Nanoparticles and nanospheres have considerable utility as controlled drug delivery systems (Hanes et al. 1997). When suitably encapsulated, a pharmaceutical can be delivered to the appropriate site, its concentration can be maintained at proper levels for long periods of time, and it can be prevented from undergoing premature degradation (see Chapter 3). Nanoparticles (as opposed to micron-sized particles) have the advantage that they are small enough that they can be injected into the circulatory system.
Highly porous materials are also ideal candidates for controlled drug delivery (Schnur et al. 1994) and for tissue engineering (Hubbell and Langer 1995). An example of a controlled drug delivery system comes from the area of microtubules. Phospholipid bilayers can self-assemble into long cylindrical tubes with diameters usually below a micron and lengths up to hundreds of microns (Schnur 1993). During synthesis, drugs can be entrained
in these nanotubes, and the final product can be used as a controlled delivery system. Tubules prepared from phospholipid bilayers are ideal for such applications because they are biocompatible.
Dendrimers can be prepared so they are of discrete size and contain specific functional groups (Karak and Maiti 1997). They can be functionalized and used in biomedicine. Examples include gene transfer agents for gene therapy, made to carry and control the relaxivity of paramagnetic MRI (magnetic resonance imaging) contrast agents (Toth et al. 1996), and to deliver drugs on a controlled release basis.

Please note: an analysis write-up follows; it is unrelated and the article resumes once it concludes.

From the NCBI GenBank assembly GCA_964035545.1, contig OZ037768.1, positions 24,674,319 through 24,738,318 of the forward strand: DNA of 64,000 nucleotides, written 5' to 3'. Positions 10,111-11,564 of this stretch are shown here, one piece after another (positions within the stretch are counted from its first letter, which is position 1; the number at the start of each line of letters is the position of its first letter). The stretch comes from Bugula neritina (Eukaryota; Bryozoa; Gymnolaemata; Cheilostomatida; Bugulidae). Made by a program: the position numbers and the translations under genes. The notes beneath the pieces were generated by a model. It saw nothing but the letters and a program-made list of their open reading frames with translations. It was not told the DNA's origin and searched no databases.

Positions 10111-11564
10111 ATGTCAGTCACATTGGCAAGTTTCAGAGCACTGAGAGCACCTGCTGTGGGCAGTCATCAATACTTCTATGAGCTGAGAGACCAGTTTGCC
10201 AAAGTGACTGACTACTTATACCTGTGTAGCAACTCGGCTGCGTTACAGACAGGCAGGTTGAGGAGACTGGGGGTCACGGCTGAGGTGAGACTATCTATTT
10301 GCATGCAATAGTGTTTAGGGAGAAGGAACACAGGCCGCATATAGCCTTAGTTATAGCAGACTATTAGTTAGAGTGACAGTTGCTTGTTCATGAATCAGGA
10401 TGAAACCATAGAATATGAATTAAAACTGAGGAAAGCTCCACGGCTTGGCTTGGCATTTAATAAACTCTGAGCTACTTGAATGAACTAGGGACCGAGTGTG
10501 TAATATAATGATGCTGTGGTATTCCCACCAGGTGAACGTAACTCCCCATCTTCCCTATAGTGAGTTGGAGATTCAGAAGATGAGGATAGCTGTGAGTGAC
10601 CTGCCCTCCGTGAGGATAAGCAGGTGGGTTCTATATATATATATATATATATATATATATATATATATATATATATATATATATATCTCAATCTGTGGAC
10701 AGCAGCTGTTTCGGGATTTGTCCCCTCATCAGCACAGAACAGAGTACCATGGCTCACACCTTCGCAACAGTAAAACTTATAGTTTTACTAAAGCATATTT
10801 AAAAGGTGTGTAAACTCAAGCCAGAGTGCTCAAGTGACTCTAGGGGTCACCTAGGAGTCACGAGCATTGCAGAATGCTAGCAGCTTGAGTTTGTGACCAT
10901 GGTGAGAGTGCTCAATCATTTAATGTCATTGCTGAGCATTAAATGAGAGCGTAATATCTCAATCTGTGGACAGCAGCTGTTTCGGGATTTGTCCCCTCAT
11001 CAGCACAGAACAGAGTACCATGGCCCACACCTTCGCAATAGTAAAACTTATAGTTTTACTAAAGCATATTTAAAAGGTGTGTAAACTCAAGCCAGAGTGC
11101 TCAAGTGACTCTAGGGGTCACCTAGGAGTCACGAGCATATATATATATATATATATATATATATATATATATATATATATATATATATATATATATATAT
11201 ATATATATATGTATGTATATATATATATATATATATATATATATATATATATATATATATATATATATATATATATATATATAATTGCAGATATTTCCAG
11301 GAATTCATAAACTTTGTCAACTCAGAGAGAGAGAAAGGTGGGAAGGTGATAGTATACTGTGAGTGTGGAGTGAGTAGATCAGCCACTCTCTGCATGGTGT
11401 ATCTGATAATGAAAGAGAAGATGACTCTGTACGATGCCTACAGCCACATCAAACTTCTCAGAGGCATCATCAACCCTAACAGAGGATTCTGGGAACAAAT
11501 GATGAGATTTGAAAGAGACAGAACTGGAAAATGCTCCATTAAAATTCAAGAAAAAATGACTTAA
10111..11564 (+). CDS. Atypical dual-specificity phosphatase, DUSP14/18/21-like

Although beyond the scope of this review, it is important to keep in mind the potential role of atmospheric nanoparticles in photocatalytic and thermal production of atmospheric pollutants. Atmospheric aerosols in heavily polluted areas have the potential to accelerate ozone formation reactions. Furthermore, because they are respirable, they could represent a health hazard. Two controversial studies (the Harvard University six-city study and the American Cancer Society study) have linked the presence of fine particular matter to premature mortality (Chemical and Engineering News 1997).
Atmospheric aerosols generally contain two major components: one is composed of amorphous carbon that has fullerene-like particles dispersed in it; the second is inorganic and consists of oxides and sulfides supported on clay minerals. In particular, the iron oxide, manganese oxide, and iron sulfide nanoparticles have band-gaps that could enhance the photocatalytic adsorption of solar radiation. In addition, these materials are acidic and may be coated with water, which would enhance their catalytic ability to crack hydrocarbons and create free radicals (Chianelli 1998). At present this is an underexplored area of research that bears scrutiny.
It is interesting to note that some microorganisms produce and sequester CdSe and CdS nanoparticles in response to high levels of toxic Cd++ in their environment (Brus 1996). A large number of organisms also have the ability to precipitate ferrimagnetic minerals Fe3O4 and Fe3S4 (see Consolidated Materials, below).